San Francisco will push Google Inc. and EarthLink Inc. for greater privacy protections than the companies outlined in their proposal for a citywide wireless Internet service, officials said Friday.
In negotiations with the companies, expected to begin soon, the city will seek an "opt-in" system for users to share personal information, notification of users when there are legal requests for their information and a commitment from the operators on how long they will keep user data they collect, said Brian Roberts, a senior policy analyst for the city's Policy, Planning and Compliance Division. He spoke at the latest hearing by the Local Agency Formation Committee, a utilities oversight body for the combined City and County of San Francisco.
In a letter to the city last month, the Electronic Frontier Foundation (EFF) and two other groups slammed the Google-EarthLink plan for lacking those commitments and others. Privacy is a central concern among critics of Google and EarthLink's citywide network plan, which would include a free 300K bps (bit-per-second) service supported by targeted advertising in addition to a faster paid service.
Although it will push for those three conditions, the city wouldn't commit itself to demanding them outright while negotiating a contract. It's risky for the city to reveal what it considers non-negotiable, because the vendors don't have to reveal the same information, Roberts said.
The EFF hopes the city will make its privacy criteria less negotiable rather than more, said Seth Schoen, staff technologist at EFF. County Supervisor Ross Mirkarimi gave a similar view and raised the specter of the city changing direction.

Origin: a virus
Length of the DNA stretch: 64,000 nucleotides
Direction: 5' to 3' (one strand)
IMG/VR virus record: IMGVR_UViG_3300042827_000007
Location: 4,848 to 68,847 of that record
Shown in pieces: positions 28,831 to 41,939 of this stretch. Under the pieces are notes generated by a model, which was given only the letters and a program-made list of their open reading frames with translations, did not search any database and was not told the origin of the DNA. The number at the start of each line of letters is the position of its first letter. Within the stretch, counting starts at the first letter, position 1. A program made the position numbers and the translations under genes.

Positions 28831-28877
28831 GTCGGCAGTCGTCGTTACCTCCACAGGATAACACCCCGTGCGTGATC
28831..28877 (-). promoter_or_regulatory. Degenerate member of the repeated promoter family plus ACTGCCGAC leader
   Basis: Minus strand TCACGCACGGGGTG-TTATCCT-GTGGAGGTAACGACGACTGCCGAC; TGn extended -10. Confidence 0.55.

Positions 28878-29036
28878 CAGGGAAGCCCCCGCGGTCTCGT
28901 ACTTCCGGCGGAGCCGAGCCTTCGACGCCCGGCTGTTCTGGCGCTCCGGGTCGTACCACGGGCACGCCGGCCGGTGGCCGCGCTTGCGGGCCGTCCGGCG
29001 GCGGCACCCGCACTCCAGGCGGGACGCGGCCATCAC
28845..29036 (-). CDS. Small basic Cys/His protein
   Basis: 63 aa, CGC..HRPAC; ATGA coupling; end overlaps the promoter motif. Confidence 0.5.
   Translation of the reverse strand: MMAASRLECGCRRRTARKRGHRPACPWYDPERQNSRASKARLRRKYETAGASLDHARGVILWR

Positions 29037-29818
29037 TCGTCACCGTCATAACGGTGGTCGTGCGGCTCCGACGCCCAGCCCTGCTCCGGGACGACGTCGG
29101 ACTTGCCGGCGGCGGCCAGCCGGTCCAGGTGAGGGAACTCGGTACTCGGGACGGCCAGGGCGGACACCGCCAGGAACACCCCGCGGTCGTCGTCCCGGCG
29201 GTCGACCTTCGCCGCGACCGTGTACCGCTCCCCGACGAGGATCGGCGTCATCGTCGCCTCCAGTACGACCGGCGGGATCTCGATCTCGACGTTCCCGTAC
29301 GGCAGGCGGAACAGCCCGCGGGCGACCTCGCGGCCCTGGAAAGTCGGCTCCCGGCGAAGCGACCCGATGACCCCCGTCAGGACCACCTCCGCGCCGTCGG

"I don't know what the bottom line is for us in the city," Mirkarimi said. "What is an acceptable standard? When ... do we decide that that's not an acceptable agreement and that an RFP [request for proposals] potentially should be provided for a municipally owned system?"
The city also appears ready to satisfy critics who had called for a proof-of-concept network before committing itself to a full rollout. Civitium LLC, a wireless consulting firm hired by the city, recommended the deployment of a trial network and the city agreed, said Greg Richardson, a managing partner at Civitium.
Mirkarimi also continued to call for more consideration of municipal ownership, possibly as a second alternative if the city can't reach an agreement with Google/EarthLink.
Meanwhile, the city may someday offer broadband over fiber, according to Roberts. As part of a study of its optical fiber infrastructure, the city will consider deploying fiber to every home in San Francisco, a technology concept that has raised eyebrows for its enormous cost even when proposed by giant Verizon Communications Inc.
The city has 42 miles of fiber for uses such as public safety, and Roberts estimated it would take 800 miles to reach all homes and businesses. Because a fiber network involves massive infrastructure work and fixed assets, and doesn't need to be upgraded often as a wireless network does, it's more suited to city ownership, Roberts said. The study, expected to begin in about two weeks, would take about four months, he said.